Time is one of the vet rehab therapist’s most precious resources. Because we have such limited time, it’s important that we focus our efforts on the tasks that produce the best results.
In my quest to improve productivity I came across the 80/20 rule, which I now apply to my everyday life. It helps me make the right choices when it comes to what I should and should not be doing at any given time.
The 80/20 rule, also known as the “Pareto” principle, states that 80% of the results of any undertaking come from only 20% of our efforts. Pareto was a 19th century Italian economist, who extrapolated his principle from his observations of results in diverse fields; for instance, 80% of the land in Italy was owned by 20% of the people, and 80% of the peas on a pea plant are yielded by 20% of the pea plant.
Pareto found that there was a universal imbalance between inputs and outputs. Not all activities generate results equal to the inputs; some generate far lower returns, and some, far higher. When we realize this, we stop wasting time getting frustrated at the lack of results from our efforts; we stop expecting them. We grasp that this imbalance exists and we begin to work with it, not against it.
Pareto for Vet Rehab Therapists
Sometimes a business reaches a plateau, and it’s a real conundrum to know where to focus our energies to get us to the next level. Perhaps you have found that you have consults booked every day, but no matter what you do, you just can’t seem to push the business over that tipping point where you start generating profits. If so, consider where you are spending your energy in relation to your results. What is your 20% that is generating 80% of the income? Do you know?
Once you know this, the next thing to consider is marketing. Do you focus on the services that are slower and not generating an income, to try and increase the income you receive from these services, or do you focus your marketing on the services that are already generating a good income and have proven to be profitable for your business?
The answer is to focus most on the service that is creating the majority of the results.
You’ll find, for instance, that 20% of your customers represent 80% of your sales. We have a few clients who are extremely dedicated and come and see us a few times a week every week. Then we have loads of clients who come maybe once or twice a month. Your marketing efforts may well yield greater results if you focus mostly on that 20%. That is not to say you exclude the others; but where choices have to be made, focus more on the 20% that are bringing in 80% of the sales.
The rule applies to how we spend our time, too. You will find, if you examine a typical week, that 20% of your time is producing 80% of your results. If you can figure out exactly which activities constitute that 20%, you can spend more time doing those things and less time doing the others. The activities that generate most reward deserve most of our energy.
Applying this rule to your practice helps in so many ways:
- Increase productivity: You can determine where to focus your attention and efforts for maximum efficiency.
- Increase your profitability: Discontinue products or services that don’t generate revenue and focus on the ones that do.
- Prioritize your time: Focus your time on the tasks that produce the greatest results.
- Improve customer service: In general, 80% of our customer complaints are related to 20% of our products, services or staff members. By addressing this 20%, we can drastically decrease complaints and improve our customer experience.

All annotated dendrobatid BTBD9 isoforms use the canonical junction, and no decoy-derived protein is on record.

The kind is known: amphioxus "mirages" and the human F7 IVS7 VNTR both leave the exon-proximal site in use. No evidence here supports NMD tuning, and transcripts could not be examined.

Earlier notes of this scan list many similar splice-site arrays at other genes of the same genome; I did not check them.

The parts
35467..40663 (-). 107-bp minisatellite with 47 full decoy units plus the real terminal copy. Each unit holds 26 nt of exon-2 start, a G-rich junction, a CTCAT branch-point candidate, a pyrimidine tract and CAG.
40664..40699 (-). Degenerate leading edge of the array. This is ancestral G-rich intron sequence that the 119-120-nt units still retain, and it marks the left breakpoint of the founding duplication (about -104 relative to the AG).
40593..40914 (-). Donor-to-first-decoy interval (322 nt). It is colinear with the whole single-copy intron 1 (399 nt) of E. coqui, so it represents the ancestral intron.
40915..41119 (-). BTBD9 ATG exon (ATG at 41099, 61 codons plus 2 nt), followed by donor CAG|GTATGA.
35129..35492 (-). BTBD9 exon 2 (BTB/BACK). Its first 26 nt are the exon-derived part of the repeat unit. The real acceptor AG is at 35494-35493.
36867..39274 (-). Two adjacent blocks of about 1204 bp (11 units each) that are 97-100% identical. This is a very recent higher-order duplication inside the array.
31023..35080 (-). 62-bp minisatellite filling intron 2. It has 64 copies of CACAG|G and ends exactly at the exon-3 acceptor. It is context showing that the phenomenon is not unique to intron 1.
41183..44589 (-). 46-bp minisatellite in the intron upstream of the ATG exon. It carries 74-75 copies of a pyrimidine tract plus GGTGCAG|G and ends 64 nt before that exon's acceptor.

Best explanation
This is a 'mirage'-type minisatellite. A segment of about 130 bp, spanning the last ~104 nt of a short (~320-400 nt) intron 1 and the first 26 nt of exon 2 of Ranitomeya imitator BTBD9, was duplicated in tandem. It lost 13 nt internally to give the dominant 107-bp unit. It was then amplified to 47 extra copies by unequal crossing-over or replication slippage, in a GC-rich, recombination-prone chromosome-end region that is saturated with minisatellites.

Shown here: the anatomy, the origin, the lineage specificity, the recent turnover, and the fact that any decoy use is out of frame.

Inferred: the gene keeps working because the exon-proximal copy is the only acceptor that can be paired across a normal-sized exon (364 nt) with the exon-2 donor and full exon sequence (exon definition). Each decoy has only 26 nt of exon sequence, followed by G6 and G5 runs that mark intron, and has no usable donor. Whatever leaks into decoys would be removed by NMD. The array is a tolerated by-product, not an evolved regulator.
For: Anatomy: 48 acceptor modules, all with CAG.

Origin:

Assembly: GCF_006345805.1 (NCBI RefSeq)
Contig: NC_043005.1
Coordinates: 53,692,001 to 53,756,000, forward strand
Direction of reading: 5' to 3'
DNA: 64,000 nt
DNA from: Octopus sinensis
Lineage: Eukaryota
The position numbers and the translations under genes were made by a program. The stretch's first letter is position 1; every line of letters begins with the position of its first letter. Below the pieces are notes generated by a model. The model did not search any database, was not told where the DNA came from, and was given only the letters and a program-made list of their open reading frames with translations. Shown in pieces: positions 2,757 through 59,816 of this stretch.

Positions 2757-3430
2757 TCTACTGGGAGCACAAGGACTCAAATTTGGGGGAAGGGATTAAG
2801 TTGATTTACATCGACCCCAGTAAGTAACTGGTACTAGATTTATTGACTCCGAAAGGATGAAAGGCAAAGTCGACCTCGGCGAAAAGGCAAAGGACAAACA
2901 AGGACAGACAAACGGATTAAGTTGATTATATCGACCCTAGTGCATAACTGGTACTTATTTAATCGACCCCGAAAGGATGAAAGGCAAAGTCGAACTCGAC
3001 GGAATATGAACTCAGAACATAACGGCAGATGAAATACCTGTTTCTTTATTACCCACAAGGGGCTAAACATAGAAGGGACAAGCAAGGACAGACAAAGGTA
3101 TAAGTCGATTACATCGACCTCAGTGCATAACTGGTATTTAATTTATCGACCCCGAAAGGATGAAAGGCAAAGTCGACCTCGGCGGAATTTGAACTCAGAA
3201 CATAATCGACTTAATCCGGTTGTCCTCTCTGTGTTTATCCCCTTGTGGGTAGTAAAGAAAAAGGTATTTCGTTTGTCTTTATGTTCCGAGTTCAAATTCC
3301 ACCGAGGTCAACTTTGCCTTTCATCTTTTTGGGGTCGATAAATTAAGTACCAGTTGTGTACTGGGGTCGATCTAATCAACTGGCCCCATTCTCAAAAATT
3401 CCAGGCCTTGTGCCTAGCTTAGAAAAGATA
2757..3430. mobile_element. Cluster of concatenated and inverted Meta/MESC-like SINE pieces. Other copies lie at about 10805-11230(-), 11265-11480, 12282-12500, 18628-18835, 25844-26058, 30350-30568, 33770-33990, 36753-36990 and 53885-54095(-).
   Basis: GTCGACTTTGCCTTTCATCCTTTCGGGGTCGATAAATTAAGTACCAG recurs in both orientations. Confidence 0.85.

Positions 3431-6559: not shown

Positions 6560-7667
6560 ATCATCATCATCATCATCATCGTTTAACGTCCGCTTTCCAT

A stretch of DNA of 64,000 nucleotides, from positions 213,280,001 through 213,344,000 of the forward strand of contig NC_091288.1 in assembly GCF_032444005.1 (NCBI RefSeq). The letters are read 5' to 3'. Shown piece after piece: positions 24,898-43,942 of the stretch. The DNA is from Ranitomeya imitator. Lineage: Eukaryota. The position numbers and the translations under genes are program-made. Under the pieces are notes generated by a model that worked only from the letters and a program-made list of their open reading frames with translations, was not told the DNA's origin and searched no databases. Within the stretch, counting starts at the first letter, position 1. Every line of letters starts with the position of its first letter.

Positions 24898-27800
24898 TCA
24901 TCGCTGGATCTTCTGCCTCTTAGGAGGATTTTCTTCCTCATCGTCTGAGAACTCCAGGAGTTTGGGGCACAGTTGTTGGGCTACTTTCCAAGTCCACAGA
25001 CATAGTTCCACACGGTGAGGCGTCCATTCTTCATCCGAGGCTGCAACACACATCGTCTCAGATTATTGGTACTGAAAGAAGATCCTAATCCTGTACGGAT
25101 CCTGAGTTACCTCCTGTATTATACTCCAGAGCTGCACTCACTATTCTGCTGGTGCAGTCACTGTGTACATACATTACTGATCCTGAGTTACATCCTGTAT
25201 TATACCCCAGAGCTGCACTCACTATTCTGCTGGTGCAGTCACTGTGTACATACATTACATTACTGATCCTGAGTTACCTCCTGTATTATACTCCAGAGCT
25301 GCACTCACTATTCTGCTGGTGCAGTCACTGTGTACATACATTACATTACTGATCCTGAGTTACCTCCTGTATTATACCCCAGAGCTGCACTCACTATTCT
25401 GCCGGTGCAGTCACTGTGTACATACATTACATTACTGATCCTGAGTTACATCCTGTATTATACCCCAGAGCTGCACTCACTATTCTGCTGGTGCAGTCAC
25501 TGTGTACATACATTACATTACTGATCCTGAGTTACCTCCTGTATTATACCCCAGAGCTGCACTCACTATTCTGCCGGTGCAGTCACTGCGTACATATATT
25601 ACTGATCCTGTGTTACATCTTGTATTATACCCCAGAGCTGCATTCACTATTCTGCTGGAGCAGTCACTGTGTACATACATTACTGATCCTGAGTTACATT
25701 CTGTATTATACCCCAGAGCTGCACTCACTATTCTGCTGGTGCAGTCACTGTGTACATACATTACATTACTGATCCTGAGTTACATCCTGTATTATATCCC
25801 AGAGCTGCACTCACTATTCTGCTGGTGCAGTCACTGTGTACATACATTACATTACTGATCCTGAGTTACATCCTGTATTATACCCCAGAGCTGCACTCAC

It’s all about Efficient use of Energy and Time
By using this rule, we’ll find that we begin to shift our focus away from aspects of the practice that are not performing to their full potential, and focus on the activities that have the most profound, positive impact on our business.
When you look at your lists of to-dos, you’ll find 2 out of 10 items on your list will be worth more than the other 8 put together. The 8 items are trivial tasks that contribute very little in the end.
Focus your time and energy on the 20% that yield results, and you may well begin to see a definite upswing in the growth and success of your practice.
Will be trying this out!
Let us know how it works for you!!
How do we better implement vet rehab into private practices?
Hi Bronwyn, this really depends on whether you are aiming to implement it as a Vet yourself, or if you are trying to get a vet to implement it. Let us know and we can guide you further – you can email me at firstname.lastname@example.org
I started using this in my practice as a non-animal PT, and it is helping me be more efficient. I also think it helps me prioritize what I need to work on with my pts so they get the most out of each session.
That is fantastic! It is esp valuable when we use this rule to guide our treatments, as we can really focus on the most effective and valuable modalities for each patient!
Nice points with marketing spend here. Its really important to measure results, but many people with online advertising for example don’t take the time to actually report on the outcomes. So they spend a bunch of money on a number of ad services (e.g. google / facebook / etc.) and at the end of the campaign don’t know which one is working and which isn’t. You may as well just tip your money over a cliff if you can’t measure the performance of your ads.
Thanks for that comment – you are absolutely right. Just like we need to have measurable treatment outcomes for each patient, the same rule applies to our marketing, and indeed how we spend our time growing our business – if there is no improvement in the measurable outcomes we set for ourselves in each particular area we want to be working on, then we are wasting time, money and resources – all of which are in short supply in our industry already!!